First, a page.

“Sharenting” – Risk factors when overexposing children to Social Media


Many parents currently (over) share pictures and videos of their children online without interrogating what the impact of this could be on a child. What are the risks associated with the posts published on social media and the phenomenon known as Sharenting? Sharenting occurs when parents (over) share content about their children on social media. A hairy topic is how much content parents SHOULD be sharing about their precious little ones on social media given issues related to both security and anonymity as well as the potential psychological impact this over exposure could have on a child.

It is my observation that the trend to share more and limit less (where children are concerned) seems to be becoming more prevalent in South Africa with many parents – both celebs and non-celebs. It is a widely accepted fact that using children as content subject matter is a sure way to get high engagement on posts (I mean, who doesn’t love a cute video or picture of a child doing something entertaining or funny online?) but parents need to be acutely aware of some of the risks this could present in the short and long term.

There are healthy ways that parents can share information about their children on social media and increasingly in today’s era, many families find themselves scattered across the globe. This means social media can offer an effective way to keep families updated on activities across continents in general but also on the developments of the children in a family more specifically.

But as you continue to press “Share” consider the following risk factors:


“Digital kidnapping” – or identity theft, can occur where children’s photos and details are used by others who promote your child as being their own.
Predator Sites – there is also the scary reality that your content could end up with online predators or on an illegal paedophilic website. According to a study done by the Australian Government’s eSafety Commission 50% of images shared on paedophile sites originate from social media sites. Whilst there is no real indication of what these figures look like in SA at present, if this figure is indicative in any shape or form, it is grave cause for concern.


Self Esteem due to bullying and hurt: Social media can take a real knock at one’s self esteem because people have (or think they have) carte blanche about what they say/post about others and can therefore be very unforgiving and sometimes downright cruel. Hazing on social media can be devastating on adults and is more severe when experienced by a child. When you child receives any negative feedback related to a post on social media this may have a negative impact on their self esteem.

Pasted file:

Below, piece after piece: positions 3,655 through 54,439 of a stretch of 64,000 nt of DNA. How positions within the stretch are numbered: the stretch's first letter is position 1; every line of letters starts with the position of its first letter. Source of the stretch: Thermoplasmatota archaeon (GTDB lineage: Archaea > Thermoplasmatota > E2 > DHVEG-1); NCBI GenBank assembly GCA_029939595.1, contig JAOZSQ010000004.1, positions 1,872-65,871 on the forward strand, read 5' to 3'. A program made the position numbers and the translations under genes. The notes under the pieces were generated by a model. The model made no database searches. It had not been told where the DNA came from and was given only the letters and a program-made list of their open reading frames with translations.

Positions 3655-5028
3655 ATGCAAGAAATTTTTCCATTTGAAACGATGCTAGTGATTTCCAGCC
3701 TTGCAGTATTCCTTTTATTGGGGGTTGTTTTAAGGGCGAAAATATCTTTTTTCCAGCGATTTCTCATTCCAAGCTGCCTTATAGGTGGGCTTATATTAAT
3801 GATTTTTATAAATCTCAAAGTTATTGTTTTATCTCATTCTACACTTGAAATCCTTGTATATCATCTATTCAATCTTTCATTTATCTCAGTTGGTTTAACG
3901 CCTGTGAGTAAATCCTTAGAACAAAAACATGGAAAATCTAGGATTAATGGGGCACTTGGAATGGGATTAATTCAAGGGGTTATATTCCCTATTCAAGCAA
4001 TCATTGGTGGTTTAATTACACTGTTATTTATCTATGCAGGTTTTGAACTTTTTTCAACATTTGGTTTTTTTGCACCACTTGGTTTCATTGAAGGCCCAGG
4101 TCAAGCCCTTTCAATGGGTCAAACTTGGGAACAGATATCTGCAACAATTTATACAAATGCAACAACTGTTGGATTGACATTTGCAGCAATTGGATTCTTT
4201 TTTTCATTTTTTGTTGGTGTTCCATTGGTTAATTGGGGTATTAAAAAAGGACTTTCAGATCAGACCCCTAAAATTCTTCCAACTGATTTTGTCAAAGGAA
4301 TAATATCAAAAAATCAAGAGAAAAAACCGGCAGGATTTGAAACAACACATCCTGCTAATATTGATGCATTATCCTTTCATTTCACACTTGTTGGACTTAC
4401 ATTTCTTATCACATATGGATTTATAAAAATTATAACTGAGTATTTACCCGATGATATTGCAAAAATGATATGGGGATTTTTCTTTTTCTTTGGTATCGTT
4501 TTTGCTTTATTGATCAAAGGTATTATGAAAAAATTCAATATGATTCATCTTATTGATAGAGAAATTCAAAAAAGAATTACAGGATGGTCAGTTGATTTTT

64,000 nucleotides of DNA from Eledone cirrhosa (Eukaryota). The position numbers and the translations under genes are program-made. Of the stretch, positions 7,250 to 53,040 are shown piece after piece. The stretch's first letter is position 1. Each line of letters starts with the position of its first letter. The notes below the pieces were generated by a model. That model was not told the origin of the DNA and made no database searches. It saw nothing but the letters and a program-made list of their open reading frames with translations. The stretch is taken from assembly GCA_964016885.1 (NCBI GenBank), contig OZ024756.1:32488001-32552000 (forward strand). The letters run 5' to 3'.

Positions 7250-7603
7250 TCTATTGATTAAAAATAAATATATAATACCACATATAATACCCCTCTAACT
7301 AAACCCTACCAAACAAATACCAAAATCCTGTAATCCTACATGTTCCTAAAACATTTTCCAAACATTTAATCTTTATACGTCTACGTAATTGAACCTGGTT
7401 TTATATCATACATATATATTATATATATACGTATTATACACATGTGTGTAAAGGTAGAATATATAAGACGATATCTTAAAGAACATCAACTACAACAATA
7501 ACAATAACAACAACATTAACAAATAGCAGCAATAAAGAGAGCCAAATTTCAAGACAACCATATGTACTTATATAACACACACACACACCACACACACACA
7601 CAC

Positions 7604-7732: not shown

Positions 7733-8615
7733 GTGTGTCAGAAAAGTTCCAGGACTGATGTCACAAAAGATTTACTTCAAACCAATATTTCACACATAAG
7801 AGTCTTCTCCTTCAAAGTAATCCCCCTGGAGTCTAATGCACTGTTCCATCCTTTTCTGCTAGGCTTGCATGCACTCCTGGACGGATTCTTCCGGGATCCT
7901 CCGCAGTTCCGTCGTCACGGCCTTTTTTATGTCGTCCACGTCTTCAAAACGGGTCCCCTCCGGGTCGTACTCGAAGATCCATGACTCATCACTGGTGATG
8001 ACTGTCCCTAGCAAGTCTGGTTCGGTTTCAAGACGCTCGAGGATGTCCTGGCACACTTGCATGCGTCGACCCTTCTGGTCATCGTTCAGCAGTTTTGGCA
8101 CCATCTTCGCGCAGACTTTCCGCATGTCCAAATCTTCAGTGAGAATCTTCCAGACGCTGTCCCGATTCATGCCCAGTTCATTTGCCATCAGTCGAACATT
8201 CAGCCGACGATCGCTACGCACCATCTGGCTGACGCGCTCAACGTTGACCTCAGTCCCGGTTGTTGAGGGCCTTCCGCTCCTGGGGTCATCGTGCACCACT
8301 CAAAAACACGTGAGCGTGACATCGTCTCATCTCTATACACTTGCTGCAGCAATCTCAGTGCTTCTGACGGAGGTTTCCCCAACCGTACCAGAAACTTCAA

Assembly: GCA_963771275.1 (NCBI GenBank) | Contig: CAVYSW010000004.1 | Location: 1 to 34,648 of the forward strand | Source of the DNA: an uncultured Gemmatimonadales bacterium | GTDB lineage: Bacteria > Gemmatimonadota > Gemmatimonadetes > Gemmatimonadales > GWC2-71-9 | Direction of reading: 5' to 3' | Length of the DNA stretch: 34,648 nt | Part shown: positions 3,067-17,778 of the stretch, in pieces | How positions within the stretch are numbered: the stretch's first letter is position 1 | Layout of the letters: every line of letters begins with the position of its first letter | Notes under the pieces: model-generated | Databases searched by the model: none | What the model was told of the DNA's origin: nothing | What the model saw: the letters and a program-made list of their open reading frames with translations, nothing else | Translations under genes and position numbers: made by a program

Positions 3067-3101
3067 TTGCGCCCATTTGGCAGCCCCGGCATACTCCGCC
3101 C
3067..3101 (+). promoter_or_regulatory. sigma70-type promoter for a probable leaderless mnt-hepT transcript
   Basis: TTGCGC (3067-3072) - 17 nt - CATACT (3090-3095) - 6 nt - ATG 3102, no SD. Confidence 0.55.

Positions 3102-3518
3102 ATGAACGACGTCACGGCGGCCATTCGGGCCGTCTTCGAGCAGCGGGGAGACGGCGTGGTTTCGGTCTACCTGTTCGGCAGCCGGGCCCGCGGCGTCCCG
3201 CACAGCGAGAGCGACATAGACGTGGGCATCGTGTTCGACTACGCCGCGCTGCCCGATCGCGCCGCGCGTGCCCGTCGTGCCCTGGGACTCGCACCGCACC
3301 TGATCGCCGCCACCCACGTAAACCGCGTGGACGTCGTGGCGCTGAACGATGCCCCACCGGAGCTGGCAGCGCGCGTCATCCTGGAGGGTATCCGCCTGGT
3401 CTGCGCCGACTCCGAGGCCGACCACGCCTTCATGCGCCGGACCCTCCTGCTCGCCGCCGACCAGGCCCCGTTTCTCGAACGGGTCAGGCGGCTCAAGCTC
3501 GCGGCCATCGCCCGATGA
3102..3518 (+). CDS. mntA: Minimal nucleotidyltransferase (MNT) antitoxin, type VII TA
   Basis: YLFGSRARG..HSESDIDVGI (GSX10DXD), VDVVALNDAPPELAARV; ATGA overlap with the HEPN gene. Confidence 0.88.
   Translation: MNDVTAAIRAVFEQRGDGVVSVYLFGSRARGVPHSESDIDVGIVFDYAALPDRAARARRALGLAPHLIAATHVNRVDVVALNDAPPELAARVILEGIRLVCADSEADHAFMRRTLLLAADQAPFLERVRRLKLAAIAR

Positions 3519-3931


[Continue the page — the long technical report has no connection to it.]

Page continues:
Before you post, ask yourself could this compromise your child later on in life (even professionally)? Does the post position your child as smart, well-behaved, kind and successful. If not, do you want to share this with the rest of the world? (Parental Sharing on the Internet – Child Privacy in the Age of Social Media (2017) – Steinberg, S & Bahareh, K) http://jamanetwork.com/journals/jamapediatrics/article

Identity Development: Psychologists also raise concern with cases where parents have created a thriving online persona for a child because the child may not be able to form an identity that is separate to the online persona which has been crafted which may have negative psychological impact. What (over) Sharenting unintentionally does is is deny the child the space to develop and craft their own persona in a fashion that is more organic and divorced from parental scripting as it were.

Resentment in Adulthood – Revealing embarrassing or private information about your child could also lead to self esteem issues with your child. Psychologists fear that this could lead to resentment towards parents in the child’s adulthood.


The United Nations Conventions on the Rights of the Child – Under the Child’s Right to Privacy – Article 16 state]]s that: –
– No child shall be subjected to the arbitrary or unlawful interference with his/her family, home or correspondence, nor to unlawful attacks on his/her honour or reputation”

– Should children have the right to to shape their own social identities when they are of age?
– Have privacy laws looked into Sharenting in the digital age in SA and protection that children may need in respect of such?

Parental Sharing on the Internet – Child Privacy in the Age of Social Media (2017) – Steinberg, S & Bahareh, K http://jamanetwork.com/journals/jamapediatrics/article

Healthy Children – Healthy https://www.healthychildren.org/…/Sharenting-5-Questions-to-Ask-Before-You-Post.

Image – https://stocksnap.io/

You Tube Video – http//www.youtube.com/watch?=yC1Xr-MUNCc

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